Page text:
This is a soup that I have been making for years. There was once a restaurant attached to the Dallas Galleria hotel called Zucchini’s that overlooked the skating rink. They served a vegetable soup that had perfectly cubed vegetables. It was delicious but it was also lovely in the same way that I find big round hay bales on the plains to be lovely. Unexpected geometric symmetry appeals to me, I guess.
A few years later my mom gave me a blisteringly healthful cookbook from the Pritikin people that had a recipe for a very similar sounding soup. The Pritikin Institute is known for teaching people how to eat very little fat or sodium. They champion low cholesterol, and stuff their adherents full of high nutrient, minimally refined fare. Sounds healthy, but somehow doesn’t sound delicious at all. I’m guessing you have all figured out that I am passionate about butter and don’t shy away from salt. But the soup was a very close match and very delicious. My version is different in composition than the Pritikin soup but what I kept from their recipe is the most important thing about it…its simplicity. This is not a slaving over a hot stove kind of a soup. The base is…shhhh…chicken broth and V-8 juice. I know. I’m still in shock. It shouldn’t be that simple. You will spend most of your time chopping up your vegetables.
I’m going to tell you about another neat trick in this recipe. It uses an herb preparation that is fun. Bouquet garni is a term for what is essentially a bundle of herbs tied up with twine. We might as well start there. If you have the fresh herbs, do try this. The soup will be fine without it and you can also use dried bottled bouquet garni but it isn’t quite the same. If you mixed up any of the herbes de provence, you could use that instead, too. And, the soup is good without it altogether so do not despair if you have a lame grocery store or you are not in the mood to drop 8 dollars on the fresh stuff. Anyway, the only must haves in bouquet garni are bay leaves, parsley, and thyme. Beyond that, it appears that people put all manner of herbs in depending on their mood. I added fresh rosemary to my bouquets and I thought that the flavor was lovely. Once you have gathered your herbs all you do is put them in a nice long bunch and wrap them securely with twine. That is all. The beauty of this preparation is that you just toss it into your soup pot, let it simmer with all of the ingredients and then conveniently pluck the package out when you are finished. The flavors remain.
I said this before and I’ll say it again…put whatever veggies look good to you in here. The following is just my list of favorites, but there is no limit to the combinations you can make. And if you choose too many, you just add more broth and V-8 in about a 3 to 1 ratio until you have the balance of liquids to veggies that you like. I go for a ¼ to ½ inch dice on my veggies.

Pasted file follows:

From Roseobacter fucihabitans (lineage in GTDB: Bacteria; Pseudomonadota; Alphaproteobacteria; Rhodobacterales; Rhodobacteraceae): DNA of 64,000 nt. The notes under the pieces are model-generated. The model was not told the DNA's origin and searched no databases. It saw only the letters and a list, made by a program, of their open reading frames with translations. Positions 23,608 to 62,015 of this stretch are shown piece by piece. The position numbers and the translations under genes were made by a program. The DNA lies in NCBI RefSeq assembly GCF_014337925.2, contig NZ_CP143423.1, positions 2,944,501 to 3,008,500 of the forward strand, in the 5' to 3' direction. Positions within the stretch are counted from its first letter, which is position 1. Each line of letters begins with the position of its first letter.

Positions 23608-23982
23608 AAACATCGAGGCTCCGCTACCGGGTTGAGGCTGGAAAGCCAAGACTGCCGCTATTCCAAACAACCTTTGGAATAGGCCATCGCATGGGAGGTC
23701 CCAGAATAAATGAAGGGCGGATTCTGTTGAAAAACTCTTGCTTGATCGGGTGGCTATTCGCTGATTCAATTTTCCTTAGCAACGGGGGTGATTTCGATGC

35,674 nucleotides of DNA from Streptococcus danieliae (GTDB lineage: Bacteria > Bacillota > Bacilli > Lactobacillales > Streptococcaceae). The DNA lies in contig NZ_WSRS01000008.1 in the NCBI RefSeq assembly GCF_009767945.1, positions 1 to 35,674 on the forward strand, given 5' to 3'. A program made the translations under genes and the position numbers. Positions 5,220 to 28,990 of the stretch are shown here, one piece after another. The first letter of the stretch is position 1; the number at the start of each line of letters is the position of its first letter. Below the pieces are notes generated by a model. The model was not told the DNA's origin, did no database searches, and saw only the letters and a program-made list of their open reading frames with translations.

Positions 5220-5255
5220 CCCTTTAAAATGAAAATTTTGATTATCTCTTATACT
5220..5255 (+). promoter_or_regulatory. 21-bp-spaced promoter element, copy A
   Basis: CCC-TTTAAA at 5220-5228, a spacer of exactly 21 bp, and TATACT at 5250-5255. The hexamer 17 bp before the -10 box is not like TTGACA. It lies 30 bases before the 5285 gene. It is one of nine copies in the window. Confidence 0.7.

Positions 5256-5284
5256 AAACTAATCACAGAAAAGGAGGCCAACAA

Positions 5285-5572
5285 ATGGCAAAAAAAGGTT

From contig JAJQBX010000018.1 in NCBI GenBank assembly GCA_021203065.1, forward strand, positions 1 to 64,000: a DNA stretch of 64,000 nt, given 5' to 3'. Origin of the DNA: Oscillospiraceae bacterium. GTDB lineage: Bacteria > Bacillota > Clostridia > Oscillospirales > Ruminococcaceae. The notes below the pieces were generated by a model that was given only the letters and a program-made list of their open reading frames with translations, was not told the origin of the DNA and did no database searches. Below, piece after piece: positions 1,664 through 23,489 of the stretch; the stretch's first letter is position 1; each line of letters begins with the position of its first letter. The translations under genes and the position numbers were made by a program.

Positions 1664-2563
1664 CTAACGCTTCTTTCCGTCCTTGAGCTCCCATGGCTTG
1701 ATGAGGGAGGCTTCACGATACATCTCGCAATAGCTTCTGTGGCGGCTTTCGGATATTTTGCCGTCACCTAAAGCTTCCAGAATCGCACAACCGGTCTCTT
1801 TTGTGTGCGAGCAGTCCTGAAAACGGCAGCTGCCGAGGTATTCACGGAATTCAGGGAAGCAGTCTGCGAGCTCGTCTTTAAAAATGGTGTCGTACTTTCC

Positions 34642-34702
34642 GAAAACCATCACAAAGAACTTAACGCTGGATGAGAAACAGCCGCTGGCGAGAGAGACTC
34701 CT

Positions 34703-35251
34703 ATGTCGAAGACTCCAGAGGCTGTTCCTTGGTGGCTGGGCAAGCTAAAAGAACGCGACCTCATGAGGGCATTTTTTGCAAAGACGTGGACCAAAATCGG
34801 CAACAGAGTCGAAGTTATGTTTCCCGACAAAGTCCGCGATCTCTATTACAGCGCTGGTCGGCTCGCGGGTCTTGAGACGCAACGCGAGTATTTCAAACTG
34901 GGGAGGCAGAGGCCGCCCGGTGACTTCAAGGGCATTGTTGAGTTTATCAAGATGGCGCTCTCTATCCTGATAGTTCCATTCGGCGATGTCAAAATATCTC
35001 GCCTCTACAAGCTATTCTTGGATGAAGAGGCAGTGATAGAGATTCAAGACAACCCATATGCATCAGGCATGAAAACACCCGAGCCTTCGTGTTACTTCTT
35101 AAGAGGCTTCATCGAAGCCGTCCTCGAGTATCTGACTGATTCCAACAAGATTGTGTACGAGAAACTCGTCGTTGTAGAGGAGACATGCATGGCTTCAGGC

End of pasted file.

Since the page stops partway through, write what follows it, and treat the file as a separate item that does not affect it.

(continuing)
1 tablespoon olive oil
2 leeks, whites and light greens sliced and chopped (or 1 white onion, chopped)
2 cups carrots, peeled and diced
2 stalks celery, diced
3 cloves garlic, minced
3½ to 4 cups low sodium chicken broth
1½ cups low sodium V-8 vegetable juice
2 medium red potatoes, diced
1 zucchini, sliced and diced (I leave out the seedy core)
1 yellow squash, sliced and diced
One bouquet garni (bay leaves, thyme, parsley and rosemary)
Salt and Pepper
Into a heated stock pot, add the olive oil. Add the leeks, celery and carrots and sauté for about 3 minutes. Add the garlic and sauté until fragrant. Add the broth, V-8, herbs and potatoes and bring to a simmer. Cook for about 10 to 15 minutes until the potatoes are just softening. Add the squash and zucchini. Cook for another 5 minutes until the vegetables are all tender. Season with salt and pepper.
Serve with hot crusty bread and softened salted butter.
On another note, the coolest thing about the Pritikin Institute is that once when my mom went out there for a healthy retreat, none other than B.B. King was there getting a dose of healthy living right along with her. About this time, I had a habit of getting my favorite performers to sign the inside of my cowboy boots. I lived in Austin at the time where this was as easy as going dancing at the Broken Spoke. The most amazing people just seemed to show up there. Anyway, when I found out that my mother was hanging out with B.B. King I actually FedEX’ed one of my boots to her to get his autograph for me.
How cool is that?
So when I eat this soup I think of ice skating and B.B. King, and I think that my brain might be the only setting in the history of the universe where those two themes have had a tea party together. Welcome to my strange mental mélange.